samurai on March 31, 2008 at 3:29 pm

Doesn’t seem like too many production or engineering companies though. Would anyone really want to buy an appliance that was made by people whos kids were running (crawling) around yowling and screaming and distracting them and everyone else around?
What if bridge-builders or airplane manufacturers brought their kids to work, or people who really made things, not just service companies where they often don’t do very much anyway?

c f on March 31, 2008 at 4:21 pm

What insanity!
I know this is not politically correct but I don’t like the public breastfeeders, either.

lexi on March 31, 2008 at 4:40 pm

FIB, sorry but you are fibbing. You are particularly attacking people that bring their children to work and are judging others in doing so. You open yourself up to criticism. Working since you are fifteen and possessing an advanced degree in engineering may qualify you for a job, but not parenting. You can have a GED and have never worked and be a great parent, or a Doctorate in child psychology and be a lousy one. And yeah, I don’t presume to know much about you from a one paragraph post, but the attitude comes through real clear.
As for the child police, please. I’m on board with what DS and samurai posted about distractions. And I agree that screaming kids can ruin an outing for dinner or disrupt a workplace. My point is that if a worker produces what I expect of them, and they have the luxury of a private office, why not let the kid benefit from the parent and vice versa?
I also agree with you on one thing, a baby on “child-to-work-day” is bull, that’s not the purpose of the day. With employers it is partially a civic motivation to expose kids to positive roles in the workplace and to provide a benefit for a parent to educate their child. I understand and recognize the value of it even if I don’t participate. Obviously the company has to weigh the employee appreciative of the opportunity to show their work to their child versus the one grousing about the great burdens they suffered that day.
c f, I wouldn’t recommend bringing an infant to a manufacturing plant either. When I was a kid I did go with my dad (masters in engineering) to his place of work, a major defense contractor, on family day several times, along with many other children. Seems to me his company did just fine, both in service to the country and financially. The weapons systems his team developed and impproved have been proven in combat again and again. Many of his colleagues’ children (my friends) subsequently became engineers themselves. These things work in the end.
Bottom line (for me), if they can complete the assignments without disrupting the workplace, fine, if not, the kid goes home.

Staypositive on March 31, 2008 at 5:14 pm

Unfortunate that you brought up the example of defense industries, the ultimate boondogle. While I support a strong national defense, and respect the companies that are producing the weapons that defend us, the defense industry is plauged by fraud and overruns. We all remember the $600 hammers and toilet seats and their successors. The dollar amount of virtually every major defense contract is revised upwards and upwards, again and again. And why not? The taxpayers pay for it.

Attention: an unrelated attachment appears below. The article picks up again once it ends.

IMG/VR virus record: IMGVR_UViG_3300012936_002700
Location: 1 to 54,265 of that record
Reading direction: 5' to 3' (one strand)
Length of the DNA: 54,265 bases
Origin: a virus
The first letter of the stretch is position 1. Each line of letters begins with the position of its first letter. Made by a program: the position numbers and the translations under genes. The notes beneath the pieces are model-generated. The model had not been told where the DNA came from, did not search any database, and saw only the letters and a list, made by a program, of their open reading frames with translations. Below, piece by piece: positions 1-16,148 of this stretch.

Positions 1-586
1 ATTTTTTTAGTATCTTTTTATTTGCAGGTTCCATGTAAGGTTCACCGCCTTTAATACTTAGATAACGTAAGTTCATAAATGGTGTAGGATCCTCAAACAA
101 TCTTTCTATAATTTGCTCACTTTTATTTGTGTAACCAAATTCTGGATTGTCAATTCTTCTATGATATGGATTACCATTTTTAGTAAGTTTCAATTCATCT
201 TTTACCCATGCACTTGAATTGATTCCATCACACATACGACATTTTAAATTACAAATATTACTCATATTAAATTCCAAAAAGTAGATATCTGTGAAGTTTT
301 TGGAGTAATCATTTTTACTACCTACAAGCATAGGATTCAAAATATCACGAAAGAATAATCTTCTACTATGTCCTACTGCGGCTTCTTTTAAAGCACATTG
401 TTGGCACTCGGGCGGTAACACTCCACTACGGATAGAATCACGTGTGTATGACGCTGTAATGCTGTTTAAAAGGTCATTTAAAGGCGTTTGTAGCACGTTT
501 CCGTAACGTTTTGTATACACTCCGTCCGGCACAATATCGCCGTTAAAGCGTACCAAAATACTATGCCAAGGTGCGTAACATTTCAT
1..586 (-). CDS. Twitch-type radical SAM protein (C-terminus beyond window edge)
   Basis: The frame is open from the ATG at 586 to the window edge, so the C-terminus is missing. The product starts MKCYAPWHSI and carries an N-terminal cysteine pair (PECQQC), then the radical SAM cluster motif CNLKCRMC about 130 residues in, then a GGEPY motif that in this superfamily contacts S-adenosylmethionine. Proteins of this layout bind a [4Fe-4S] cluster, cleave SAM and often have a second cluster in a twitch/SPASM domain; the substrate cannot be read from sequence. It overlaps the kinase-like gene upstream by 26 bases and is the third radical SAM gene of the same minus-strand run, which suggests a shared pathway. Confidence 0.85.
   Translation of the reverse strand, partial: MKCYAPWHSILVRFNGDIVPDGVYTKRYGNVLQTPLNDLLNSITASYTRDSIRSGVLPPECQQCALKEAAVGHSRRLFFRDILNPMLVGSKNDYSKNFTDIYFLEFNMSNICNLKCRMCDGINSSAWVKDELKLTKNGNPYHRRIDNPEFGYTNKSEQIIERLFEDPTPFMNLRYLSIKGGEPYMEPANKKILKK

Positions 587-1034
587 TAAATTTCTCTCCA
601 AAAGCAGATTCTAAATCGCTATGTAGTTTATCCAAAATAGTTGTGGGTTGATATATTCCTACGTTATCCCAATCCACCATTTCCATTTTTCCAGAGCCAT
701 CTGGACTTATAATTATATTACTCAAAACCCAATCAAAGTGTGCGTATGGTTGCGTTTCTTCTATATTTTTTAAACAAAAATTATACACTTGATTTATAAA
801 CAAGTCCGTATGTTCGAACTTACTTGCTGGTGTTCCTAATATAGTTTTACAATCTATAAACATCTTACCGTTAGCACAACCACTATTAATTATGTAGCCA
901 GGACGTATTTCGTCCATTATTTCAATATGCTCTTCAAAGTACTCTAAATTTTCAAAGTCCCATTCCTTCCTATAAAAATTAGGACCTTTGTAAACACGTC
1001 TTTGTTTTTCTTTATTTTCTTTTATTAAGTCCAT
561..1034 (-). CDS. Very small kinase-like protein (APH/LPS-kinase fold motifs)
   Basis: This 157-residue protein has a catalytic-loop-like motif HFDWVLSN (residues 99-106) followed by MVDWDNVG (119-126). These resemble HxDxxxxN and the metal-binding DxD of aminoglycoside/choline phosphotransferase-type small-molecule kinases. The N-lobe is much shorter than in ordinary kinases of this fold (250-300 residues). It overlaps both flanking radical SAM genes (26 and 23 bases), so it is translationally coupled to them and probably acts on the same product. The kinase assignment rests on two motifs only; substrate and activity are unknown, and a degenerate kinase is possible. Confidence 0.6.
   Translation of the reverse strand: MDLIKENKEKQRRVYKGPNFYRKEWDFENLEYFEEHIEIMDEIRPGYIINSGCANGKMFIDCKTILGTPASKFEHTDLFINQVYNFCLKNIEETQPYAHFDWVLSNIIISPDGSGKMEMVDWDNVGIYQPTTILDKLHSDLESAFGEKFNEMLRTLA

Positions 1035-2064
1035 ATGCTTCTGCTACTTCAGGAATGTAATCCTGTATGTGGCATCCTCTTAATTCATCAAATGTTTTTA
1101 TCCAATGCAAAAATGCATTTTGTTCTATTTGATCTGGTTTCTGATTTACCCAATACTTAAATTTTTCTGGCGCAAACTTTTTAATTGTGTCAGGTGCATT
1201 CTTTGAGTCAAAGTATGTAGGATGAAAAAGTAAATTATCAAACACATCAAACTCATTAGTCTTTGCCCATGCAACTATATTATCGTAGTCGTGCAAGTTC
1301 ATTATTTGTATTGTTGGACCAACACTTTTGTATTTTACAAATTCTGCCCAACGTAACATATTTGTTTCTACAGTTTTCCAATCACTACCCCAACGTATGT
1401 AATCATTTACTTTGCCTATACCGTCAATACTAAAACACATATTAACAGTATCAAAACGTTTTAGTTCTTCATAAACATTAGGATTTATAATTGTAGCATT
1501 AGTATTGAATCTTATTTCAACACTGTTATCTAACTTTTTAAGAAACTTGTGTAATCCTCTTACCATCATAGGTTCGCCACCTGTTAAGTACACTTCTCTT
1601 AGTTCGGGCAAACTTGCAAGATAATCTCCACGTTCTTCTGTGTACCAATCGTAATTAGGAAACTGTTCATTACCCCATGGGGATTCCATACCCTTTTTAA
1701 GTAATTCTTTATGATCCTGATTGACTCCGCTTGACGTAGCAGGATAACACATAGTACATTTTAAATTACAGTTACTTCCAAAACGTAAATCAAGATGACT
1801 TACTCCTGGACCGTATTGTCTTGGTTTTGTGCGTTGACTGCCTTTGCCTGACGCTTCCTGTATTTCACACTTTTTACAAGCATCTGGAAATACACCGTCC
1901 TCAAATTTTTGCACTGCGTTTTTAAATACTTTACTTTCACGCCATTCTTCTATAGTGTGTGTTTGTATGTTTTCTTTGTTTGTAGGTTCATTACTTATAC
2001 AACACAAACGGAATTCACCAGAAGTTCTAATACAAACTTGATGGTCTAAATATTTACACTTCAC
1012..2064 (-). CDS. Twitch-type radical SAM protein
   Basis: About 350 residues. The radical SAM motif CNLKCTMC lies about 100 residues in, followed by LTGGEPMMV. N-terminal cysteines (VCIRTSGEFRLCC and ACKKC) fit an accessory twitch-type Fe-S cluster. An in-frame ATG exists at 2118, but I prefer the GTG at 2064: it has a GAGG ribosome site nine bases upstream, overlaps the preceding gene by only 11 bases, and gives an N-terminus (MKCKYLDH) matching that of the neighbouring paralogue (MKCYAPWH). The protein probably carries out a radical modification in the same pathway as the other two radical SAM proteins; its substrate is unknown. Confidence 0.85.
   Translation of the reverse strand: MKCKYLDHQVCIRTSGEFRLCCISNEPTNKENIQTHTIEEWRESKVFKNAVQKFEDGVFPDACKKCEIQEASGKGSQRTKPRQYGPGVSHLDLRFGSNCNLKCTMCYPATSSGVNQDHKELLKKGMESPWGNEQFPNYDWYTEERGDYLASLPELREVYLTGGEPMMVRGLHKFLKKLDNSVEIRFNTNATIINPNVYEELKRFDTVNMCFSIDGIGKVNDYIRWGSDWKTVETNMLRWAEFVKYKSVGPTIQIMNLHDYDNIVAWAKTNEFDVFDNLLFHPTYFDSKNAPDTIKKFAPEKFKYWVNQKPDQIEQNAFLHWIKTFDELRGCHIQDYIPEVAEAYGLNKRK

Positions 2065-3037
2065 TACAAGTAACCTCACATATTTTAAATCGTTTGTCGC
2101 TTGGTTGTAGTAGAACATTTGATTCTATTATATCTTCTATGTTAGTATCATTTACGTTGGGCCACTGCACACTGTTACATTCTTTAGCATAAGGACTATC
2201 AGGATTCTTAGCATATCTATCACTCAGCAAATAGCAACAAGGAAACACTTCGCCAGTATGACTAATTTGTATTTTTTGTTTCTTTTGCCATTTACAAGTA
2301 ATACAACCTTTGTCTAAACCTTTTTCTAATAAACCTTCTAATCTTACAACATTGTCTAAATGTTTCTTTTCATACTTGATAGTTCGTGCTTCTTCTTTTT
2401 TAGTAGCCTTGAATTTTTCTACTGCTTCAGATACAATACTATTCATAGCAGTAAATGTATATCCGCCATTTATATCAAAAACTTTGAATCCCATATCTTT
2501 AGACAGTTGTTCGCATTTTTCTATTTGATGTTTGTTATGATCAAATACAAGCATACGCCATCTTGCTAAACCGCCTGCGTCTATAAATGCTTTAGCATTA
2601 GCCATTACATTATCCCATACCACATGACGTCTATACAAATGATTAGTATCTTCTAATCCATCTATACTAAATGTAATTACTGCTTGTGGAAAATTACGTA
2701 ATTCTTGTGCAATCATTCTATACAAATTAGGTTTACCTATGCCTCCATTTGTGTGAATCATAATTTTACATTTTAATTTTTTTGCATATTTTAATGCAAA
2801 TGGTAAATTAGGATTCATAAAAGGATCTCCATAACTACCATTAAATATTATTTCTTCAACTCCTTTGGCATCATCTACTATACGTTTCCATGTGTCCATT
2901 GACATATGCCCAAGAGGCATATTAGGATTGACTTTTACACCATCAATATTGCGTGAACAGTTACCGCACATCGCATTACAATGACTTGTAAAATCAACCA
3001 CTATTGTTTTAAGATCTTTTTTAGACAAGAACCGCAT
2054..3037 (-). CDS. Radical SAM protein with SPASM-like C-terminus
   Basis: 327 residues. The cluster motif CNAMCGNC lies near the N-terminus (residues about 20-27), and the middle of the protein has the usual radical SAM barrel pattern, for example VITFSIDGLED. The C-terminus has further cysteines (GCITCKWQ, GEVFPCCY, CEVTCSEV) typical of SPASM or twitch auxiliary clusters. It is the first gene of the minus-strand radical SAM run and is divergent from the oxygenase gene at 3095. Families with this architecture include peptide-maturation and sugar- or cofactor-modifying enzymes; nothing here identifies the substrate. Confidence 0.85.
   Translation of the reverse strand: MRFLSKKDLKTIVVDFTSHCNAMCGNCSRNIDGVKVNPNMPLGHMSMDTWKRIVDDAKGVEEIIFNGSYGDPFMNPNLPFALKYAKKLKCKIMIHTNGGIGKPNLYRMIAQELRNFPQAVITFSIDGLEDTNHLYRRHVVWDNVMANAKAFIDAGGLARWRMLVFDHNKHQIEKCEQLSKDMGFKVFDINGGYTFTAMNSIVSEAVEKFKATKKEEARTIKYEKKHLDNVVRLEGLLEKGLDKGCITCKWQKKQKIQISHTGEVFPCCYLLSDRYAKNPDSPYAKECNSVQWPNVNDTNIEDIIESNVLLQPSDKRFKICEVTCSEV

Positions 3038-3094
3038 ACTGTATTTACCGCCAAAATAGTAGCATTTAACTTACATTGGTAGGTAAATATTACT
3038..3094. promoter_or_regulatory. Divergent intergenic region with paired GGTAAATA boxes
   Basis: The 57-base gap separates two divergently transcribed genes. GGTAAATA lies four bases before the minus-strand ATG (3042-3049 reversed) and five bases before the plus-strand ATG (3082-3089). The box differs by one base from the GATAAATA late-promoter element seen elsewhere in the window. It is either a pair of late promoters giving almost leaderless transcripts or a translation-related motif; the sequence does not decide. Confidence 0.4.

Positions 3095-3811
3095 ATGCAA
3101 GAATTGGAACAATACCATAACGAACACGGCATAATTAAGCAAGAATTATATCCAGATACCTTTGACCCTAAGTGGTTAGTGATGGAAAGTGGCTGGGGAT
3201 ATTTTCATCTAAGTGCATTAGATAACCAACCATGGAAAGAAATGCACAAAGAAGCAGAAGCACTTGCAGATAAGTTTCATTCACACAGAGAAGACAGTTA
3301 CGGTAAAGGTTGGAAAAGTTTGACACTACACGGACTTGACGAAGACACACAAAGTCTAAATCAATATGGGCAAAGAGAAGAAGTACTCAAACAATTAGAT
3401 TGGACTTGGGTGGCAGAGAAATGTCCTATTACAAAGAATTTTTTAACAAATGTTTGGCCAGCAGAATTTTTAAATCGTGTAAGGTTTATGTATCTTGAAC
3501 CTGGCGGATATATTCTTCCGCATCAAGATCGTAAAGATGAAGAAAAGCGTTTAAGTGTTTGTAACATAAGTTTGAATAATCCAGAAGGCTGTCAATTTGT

Although there are many positive aspects of the defense industry, one very negative impact is that since the Government is such a major customer, it dictates a lot of the day-to-day working conditions and policies, including just about every new politically correct notion that the Govt. bureaucrats can come up with. I sure wouldn’t want to fly a flghter jet made by someone in a work area where kids were distracting me. Who knows what goes on in a private office? Behind closed doors bureaucrats can talk with their girl/boy friends all day long, or whatever else they do.
If the defense industry has the govt. for a long-term customer, especially if it is the only company that knows how to produce something, it can get away with all kinds of inefficiency because the Govt has nowhere else to turn to. Reported every day in the papers.

c f on March 31, 2008 at 6:02 pm

c f. I agree with a lot of your comments on the defense industry, in particular that the taxpayer was getting fleeced on the toilet seats, coffee maker, etc. Yes, I am a government employee but I can tell you that scenario was more the fault of government employees allowing it rather than applying scrutiny. If the bureaucrats had been doing their jobs properly, they could have questioned those price $500 price bumps for the monor modification of a $2 wrench. However, don’t forget the systems developed by our defense industry have enabled our technology to trounce the Russian and French versions wherever they were encountered in combat (Particularly in the middle east). As an example, how many countries use the F-16 as their primary fighter aircraft, when there are a plethora of choices?
I disagree with you though on the notion that government bureaucrats come up with politically correct notions. Those notions are developed by our elected politicians and their political appointees, and THEN put into place by bureaucrats. For example, the INS for years, and now ICE, has been beat up by many of the rules and laws that we must adhere to and enforce. But guess what? We didn’t right the laws or rules, just implemented and enforced them.
BTW, I don’t agree that government workers should ever get the “baby at work deal”. The taxpayers pay for your undivided attention. However, if a company decides to do it and thinks they can acomplish their mission, improve morale and retain workers (e.g., rather than having them take leave to stay with infants)then I think it is a good idea. And c’mon, no one is going to allow someone to have a child present while they’re building anything. This is a white collar concept.

Staypositive on March 31, 2008 at 6:57 pm

I am at the office, I see the baby coming for show and tell or the baby pictures, I know it is time to escape to the bathroom. I am like geez, who gives a damn about their kid. I like kids, but not everyone’s kid. I have seen people bring babys always to some woman as if she is suppose to say in high pitch voice, Oh How Cute as if she suppose to say that.